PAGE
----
Reggae music today is as healthy as it ever was, never looking back, constantly evolving, changing and moving forward. While this may be healthy for the music, it can be a double-edged sword: some of the greatest contributors and innovators of the music may be lost in the search for the latest trend.
Before there was Reggae, there was Rock Steady, and before there was Rock Steady, there was Ska. Unlike some other genres of music where the individual contributors to the sound can be indeterminate and lost to the sands of time, the Ska-Reggae progression can be greatly attributed to one group of master musicians who went under one moniker: the Skatalites.
The Skatalites officially formed in 1963, but the roots of the musical journey go back to the 40s. Key founders Tommy McCook, Roland Alphonso, Don Drummond and Lester Sterling all attended the Alpha Boys' Catholic School in Kingston, Jamaica. If a student were to volunteer for the school band, there would be less menial chores for them to do, so it was music for these four. This formal music training in theory, playing classical music and the like would have life-long percussions for these students.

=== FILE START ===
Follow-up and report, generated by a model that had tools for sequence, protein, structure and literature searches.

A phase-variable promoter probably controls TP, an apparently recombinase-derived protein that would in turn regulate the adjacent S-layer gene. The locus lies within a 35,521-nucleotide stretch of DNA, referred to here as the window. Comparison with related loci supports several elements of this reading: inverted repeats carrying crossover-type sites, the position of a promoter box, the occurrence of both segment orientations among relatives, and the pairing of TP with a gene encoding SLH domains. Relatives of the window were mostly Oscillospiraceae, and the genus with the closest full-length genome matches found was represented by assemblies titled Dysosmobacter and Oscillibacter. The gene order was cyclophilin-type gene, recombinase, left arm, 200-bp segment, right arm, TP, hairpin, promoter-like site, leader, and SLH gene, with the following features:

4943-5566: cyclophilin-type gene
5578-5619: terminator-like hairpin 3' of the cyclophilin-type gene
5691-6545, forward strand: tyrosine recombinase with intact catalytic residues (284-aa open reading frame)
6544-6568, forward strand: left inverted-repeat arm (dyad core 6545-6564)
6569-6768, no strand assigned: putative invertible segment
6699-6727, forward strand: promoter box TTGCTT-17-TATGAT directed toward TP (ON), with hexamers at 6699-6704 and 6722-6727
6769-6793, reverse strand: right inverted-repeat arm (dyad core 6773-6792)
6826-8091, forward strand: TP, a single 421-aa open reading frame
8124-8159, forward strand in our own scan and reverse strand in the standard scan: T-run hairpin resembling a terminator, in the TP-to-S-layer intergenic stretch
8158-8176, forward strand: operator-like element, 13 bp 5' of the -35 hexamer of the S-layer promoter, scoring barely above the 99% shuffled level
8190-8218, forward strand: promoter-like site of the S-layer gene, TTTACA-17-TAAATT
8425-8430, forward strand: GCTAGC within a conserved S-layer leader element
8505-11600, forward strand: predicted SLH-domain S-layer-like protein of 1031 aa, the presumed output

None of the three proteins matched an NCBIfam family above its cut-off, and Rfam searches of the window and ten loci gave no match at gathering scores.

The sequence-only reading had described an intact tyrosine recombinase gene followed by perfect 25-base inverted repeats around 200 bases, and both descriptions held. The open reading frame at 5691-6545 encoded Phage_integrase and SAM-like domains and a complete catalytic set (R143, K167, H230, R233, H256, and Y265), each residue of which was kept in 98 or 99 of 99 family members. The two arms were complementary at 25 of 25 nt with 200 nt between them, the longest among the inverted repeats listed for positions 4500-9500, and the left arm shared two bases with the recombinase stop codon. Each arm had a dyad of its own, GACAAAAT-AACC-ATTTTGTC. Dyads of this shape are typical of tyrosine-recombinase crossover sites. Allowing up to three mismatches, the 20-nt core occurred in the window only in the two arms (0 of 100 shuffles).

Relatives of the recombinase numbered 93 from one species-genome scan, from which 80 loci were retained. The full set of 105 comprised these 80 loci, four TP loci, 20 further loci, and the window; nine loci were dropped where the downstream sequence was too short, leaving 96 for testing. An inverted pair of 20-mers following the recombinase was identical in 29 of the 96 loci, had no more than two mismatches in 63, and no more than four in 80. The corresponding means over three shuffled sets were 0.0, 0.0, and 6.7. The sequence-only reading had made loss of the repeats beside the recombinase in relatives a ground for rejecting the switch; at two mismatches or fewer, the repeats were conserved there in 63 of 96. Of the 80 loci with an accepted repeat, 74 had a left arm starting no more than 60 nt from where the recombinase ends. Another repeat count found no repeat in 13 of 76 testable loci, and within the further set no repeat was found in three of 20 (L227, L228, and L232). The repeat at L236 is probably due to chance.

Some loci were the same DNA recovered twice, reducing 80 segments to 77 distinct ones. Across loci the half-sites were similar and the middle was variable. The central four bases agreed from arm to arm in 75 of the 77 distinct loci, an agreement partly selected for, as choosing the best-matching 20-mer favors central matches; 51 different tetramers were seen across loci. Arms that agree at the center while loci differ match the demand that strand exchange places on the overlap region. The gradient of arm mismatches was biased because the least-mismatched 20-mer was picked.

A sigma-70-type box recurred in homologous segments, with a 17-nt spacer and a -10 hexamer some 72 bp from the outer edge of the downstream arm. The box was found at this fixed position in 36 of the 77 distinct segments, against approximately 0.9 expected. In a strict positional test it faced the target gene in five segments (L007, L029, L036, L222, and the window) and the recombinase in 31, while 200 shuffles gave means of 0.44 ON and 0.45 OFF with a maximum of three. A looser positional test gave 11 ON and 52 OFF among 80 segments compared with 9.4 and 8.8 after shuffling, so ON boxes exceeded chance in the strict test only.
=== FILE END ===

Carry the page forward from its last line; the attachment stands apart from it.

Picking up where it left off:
Before World War II, the popular native music of Jamaica had been mento and calypso. During the 40s and 50s, American music gained popularity. The blues, jazz, country, the earliest of rock and most importantly Rhythm & Blues filtered in through the transistor radio and the mobile sound systems. The sound systems of the 50s were mobile PA's with huge bass speakers run by men like Clement 'Sir Coxonne' Dodd and Duke 'The Trojan' Reid (who would become the founders of the modern Jamaican music industry and the prime producers of ska and rock steady in the years to come on the 'Studio One' and the 'Treasure Isle' labels respectively.) The competition for the latest sounds from America was fierce - the sound systems would scratch off the labels of their records just so the spies from the other systems wouldn't know what they were playing.
The next step to get over on a competing sound system operator was logically to have a record that the other can not get - by making it yourself. As the tastes of American music shifted in the late 50s towards softer sounds, the Jamaica public still demanded the kind of jumpy R&B you could dance to. Sir Coxsonne looked to get himself an exclusive. And so in the late 50's the Jamaican music industry was born. Men like Laurel Aitken found success in gut-bucket boogie sounds and under-appreciated talents like Rosco Gordon, one of the greatest blues players of Jamaica. Different live scenes of Jamaica (in Jazz and mento) and the music business in Jamaica helped each other. Things were set to go to the next level.